China has accused Canadian military jets of stepping up reconnaissance and “provocations” against the country, with its foreign ministry warning Ottawa of potential “severe consequences”.
China’s defence ministry on Monday said it opposed Canada’s actions, which it said endangered the Asian country’s national security, while the foreign ministry said the air patrol by Canada was unauthorised.
“The UN Security Council has never authorised any country to carry out military surveillance in the seas and airspace of other countries in the name of enforcing sanctions,” foreign ministry spokesman Zhao Lijian said.
The comments came after Canada last week accused China of harassing its patrol aircraft during United Nations-backed flights to monitor North Korea sanctions evasions.
Wu Qian, spokesman at the Chinese defence ministry, said the Chinese military took reasonable measures to deal with Canada’s actions and has made “solemn representations” via diplomatic channels.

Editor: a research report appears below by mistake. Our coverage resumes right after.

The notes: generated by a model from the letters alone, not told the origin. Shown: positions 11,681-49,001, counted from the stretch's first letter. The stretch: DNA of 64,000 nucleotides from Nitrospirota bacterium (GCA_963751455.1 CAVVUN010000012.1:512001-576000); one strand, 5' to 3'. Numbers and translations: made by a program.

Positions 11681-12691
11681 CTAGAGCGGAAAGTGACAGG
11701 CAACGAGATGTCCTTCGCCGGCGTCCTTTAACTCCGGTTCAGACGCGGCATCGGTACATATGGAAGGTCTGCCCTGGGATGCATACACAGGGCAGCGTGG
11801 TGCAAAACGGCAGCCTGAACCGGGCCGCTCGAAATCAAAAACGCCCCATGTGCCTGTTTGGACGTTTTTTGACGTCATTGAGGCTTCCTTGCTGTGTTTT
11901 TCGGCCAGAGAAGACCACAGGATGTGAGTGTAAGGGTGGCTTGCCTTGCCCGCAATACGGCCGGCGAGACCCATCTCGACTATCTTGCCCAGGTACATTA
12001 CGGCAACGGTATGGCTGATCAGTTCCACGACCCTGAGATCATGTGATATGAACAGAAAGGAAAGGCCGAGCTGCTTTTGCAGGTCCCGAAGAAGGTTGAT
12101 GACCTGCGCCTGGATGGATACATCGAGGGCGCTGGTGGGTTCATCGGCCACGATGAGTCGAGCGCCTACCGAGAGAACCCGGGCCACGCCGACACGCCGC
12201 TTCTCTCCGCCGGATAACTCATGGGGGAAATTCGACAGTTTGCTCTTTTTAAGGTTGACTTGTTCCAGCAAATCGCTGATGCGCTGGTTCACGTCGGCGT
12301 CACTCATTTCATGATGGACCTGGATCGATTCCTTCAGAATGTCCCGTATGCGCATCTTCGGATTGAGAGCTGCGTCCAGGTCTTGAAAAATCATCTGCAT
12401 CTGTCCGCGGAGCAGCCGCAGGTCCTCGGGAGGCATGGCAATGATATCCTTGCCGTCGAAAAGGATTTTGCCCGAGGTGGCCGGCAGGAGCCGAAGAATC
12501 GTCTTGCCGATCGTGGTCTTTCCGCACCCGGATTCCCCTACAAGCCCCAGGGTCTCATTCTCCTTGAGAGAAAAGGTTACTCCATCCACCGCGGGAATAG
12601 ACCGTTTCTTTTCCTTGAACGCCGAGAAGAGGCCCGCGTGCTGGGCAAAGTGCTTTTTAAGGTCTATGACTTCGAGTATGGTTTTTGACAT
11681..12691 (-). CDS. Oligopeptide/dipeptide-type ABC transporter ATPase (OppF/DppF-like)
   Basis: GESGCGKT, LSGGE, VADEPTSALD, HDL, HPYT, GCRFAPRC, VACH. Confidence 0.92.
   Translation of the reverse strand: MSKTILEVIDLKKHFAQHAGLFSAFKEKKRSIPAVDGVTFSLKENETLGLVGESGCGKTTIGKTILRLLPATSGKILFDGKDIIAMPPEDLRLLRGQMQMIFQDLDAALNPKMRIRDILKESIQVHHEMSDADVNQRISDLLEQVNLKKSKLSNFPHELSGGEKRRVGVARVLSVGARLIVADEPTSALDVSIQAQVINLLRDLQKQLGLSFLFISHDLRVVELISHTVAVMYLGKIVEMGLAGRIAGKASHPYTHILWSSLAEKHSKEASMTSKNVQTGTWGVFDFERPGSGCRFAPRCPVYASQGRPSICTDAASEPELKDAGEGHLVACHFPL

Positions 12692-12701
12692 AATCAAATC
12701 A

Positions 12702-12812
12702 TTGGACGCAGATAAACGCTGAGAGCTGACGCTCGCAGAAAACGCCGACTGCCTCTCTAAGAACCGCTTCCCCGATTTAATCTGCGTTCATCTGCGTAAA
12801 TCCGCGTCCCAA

Last week, the Canadian Armed Forces said interactions between Canadian and Chinese aircraft have become more frequent in recent times, accusing Chinese pilots of not “adhere to international air safety norms” and putting the safety of Canadian personnel at risk.
The military said that Chinese planes have at times flown so close they forced Canadian pilots to quickly change course to “avoid a potential collision with the intercepting aircraft”.
Canadian Prime Minister Justin Trudeau later said his government took the situation “very seriously”.
“Canada is an active part of an important mission in the North Pacific to ensure that the sanctions applied to North Korea are properly enforced and the fact that China would have chosen to do this is extremely troubling,” Trudeau said.
The friction comes as China and Russia have increasingly called for the easing of sanctions against North Korea on humanitarian grounds.
In May, both countries vetoed a US-led proposal for new sanctions on North Korea after US intelligence said that Pyongyang appeared to be preparing its first nuclear test since 2017.
The Canadian and Chinese militaries have had run-ins before in the region.
In June 2019, two Chinese fighter jets flew close to, or “buzzed”, two Canadian warships in international waters in the East China Sea.
The ships had been shadowed by several Chinese vessels and aircraft as they transited through the disputed maritime region.